Habakkuk was deeply disturbed. There was so much evil in his land of Judah, and God didn’t seem to be doing anything about it. Do you know the feeling? “Why do you make me see iniquity, and why do you look idly at wrong?” (1:3 ESV). God’s answer is that he is preparing to do something. He will soon send the Babylonians to punish Judah. “For behold, I am raising up the Chaldeans, that bitter and hasty nation” (v. 6 ESV).
“Wait a minute,” says Habakkuk, “they are even worse than us. How can you do such a thing, Lord?” So now Habakkuk waits to see how God will answer that question. “I will take my stand . . . and look forth to see what he will say to me” (2:1). God’s answer is, “The righteous shall live by his faith” (v. 4). We do not always see what God is doing, but we need to trust God, that he will surely do the right thing.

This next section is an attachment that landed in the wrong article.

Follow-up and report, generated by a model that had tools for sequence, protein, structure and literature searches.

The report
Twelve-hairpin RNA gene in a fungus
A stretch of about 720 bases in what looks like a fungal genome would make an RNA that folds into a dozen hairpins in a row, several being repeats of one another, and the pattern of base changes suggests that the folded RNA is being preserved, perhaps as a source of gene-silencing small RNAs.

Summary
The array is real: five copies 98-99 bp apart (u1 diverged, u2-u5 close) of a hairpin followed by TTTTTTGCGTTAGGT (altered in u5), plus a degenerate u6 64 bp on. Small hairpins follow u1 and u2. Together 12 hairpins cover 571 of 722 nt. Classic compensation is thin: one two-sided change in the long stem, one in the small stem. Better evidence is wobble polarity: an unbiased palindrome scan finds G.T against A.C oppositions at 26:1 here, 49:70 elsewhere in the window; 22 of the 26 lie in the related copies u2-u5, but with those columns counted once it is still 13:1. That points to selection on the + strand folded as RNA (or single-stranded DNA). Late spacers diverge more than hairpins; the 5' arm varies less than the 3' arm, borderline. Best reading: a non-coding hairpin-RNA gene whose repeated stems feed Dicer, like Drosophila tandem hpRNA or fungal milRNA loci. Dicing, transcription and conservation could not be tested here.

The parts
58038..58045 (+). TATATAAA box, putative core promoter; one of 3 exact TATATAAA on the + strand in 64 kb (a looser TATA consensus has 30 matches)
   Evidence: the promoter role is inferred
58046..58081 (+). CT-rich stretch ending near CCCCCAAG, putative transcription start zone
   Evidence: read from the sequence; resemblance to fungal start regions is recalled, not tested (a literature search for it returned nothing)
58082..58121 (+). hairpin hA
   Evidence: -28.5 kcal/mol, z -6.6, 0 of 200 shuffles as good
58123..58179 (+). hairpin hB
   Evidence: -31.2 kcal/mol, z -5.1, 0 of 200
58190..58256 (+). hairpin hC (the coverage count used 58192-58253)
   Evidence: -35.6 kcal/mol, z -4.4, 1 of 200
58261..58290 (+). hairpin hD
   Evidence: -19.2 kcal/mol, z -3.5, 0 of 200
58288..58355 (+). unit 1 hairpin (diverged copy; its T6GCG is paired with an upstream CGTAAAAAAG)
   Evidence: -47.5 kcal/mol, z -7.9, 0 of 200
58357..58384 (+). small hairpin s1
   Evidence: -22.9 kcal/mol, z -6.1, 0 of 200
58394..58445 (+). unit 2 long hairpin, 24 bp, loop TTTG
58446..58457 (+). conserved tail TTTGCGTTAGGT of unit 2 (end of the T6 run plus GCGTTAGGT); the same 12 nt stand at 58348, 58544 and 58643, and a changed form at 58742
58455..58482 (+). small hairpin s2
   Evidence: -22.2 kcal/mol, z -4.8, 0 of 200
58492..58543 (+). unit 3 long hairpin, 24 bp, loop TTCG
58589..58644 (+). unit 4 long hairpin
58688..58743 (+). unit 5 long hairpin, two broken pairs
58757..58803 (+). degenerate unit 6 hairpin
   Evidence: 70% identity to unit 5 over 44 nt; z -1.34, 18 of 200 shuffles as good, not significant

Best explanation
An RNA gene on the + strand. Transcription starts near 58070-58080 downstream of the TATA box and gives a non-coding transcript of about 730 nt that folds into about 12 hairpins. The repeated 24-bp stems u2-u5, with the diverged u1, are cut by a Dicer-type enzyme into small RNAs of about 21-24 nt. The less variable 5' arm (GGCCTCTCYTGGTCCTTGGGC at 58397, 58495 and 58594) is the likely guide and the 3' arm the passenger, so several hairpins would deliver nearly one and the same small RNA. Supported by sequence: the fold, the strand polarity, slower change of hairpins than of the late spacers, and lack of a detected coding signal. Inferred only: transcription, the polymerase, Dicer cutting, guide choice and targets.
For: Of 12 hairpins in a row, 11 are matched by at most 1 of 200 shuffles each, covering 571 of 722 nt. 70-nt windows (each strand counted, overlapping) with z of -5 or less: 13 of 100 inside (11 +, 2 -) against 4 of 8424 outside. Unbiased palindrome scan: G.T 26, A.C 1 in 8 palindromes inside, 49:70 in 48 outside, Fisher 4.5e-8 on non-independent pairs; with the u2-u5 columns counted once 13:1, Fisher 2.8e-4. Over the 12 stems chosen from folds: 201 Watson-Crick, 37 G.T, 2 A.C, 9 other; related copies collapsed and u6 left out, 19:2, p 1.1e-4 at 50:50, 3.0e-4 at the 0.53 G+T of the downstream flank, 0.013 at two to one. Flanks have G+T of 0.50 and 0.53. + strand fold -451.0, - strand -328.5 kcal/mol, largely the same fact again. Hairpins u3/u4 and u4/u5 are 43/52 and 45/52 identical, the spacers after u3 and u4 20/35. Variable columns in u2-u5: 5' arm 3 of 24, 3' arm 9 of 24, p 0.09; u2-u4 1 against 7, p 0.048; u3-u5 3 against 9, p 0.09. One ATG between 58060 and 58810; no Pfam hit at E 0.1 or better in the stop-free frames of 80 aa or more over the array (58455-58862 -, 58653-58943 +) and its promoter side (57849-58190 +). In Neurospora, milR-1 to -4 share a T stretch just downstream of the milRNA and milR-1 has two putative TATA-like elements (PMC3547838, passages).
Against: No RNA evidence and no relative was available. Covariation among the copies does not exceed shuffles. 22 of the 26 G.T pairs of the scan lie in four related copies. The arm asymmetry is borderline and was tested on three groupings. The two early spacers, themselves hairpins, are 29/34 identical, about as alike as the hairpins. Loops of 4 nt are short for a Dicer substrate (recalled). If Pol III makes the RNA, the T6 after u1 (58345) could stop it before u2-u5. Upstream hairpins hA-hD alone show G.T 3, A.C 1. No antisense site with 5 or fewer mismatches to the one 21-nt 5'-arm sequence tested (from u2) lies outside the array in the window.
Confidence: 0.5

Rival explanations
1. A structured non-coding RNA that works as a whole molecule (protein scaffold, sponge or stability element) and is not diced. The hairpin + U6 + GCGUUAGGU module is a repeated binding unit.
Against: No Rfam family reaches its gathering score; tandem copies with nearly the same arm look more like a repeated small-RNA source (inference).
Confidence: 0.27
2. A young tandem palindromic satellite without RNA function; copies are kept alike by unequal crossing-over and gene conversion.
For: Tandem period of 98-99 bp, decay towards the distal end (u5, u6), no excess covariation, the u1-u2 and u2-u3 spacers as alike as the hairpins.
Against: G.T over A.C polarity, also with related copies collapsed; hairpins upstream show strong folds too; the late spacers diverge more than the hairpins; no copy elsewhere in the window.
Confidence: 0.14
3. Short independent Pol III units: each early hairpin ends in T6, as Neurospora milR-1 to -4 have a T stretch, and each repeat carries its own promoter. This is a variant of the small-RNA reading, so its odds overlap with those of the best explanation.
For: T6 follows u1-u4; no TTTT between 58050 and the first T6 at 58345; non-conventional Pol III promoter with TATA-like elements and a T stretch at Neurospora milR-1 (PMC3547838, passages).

Habakkuk 4:4 is quoted by Paul in both Romans and Galatians to buttress his argument that we are saved, not by our works, but by trusting in Christ alone. In the Middle Ages, the church had obscured this fundamental teaching of Scripture. Many believed they would be saved by doing the good things the church told them to do. Martin Luther tried that but found that it gave him no assurance of salvation. Then he began studying Paul, and eventually realized that we are saved by faith in Christ alone. Thus began the great Reformation.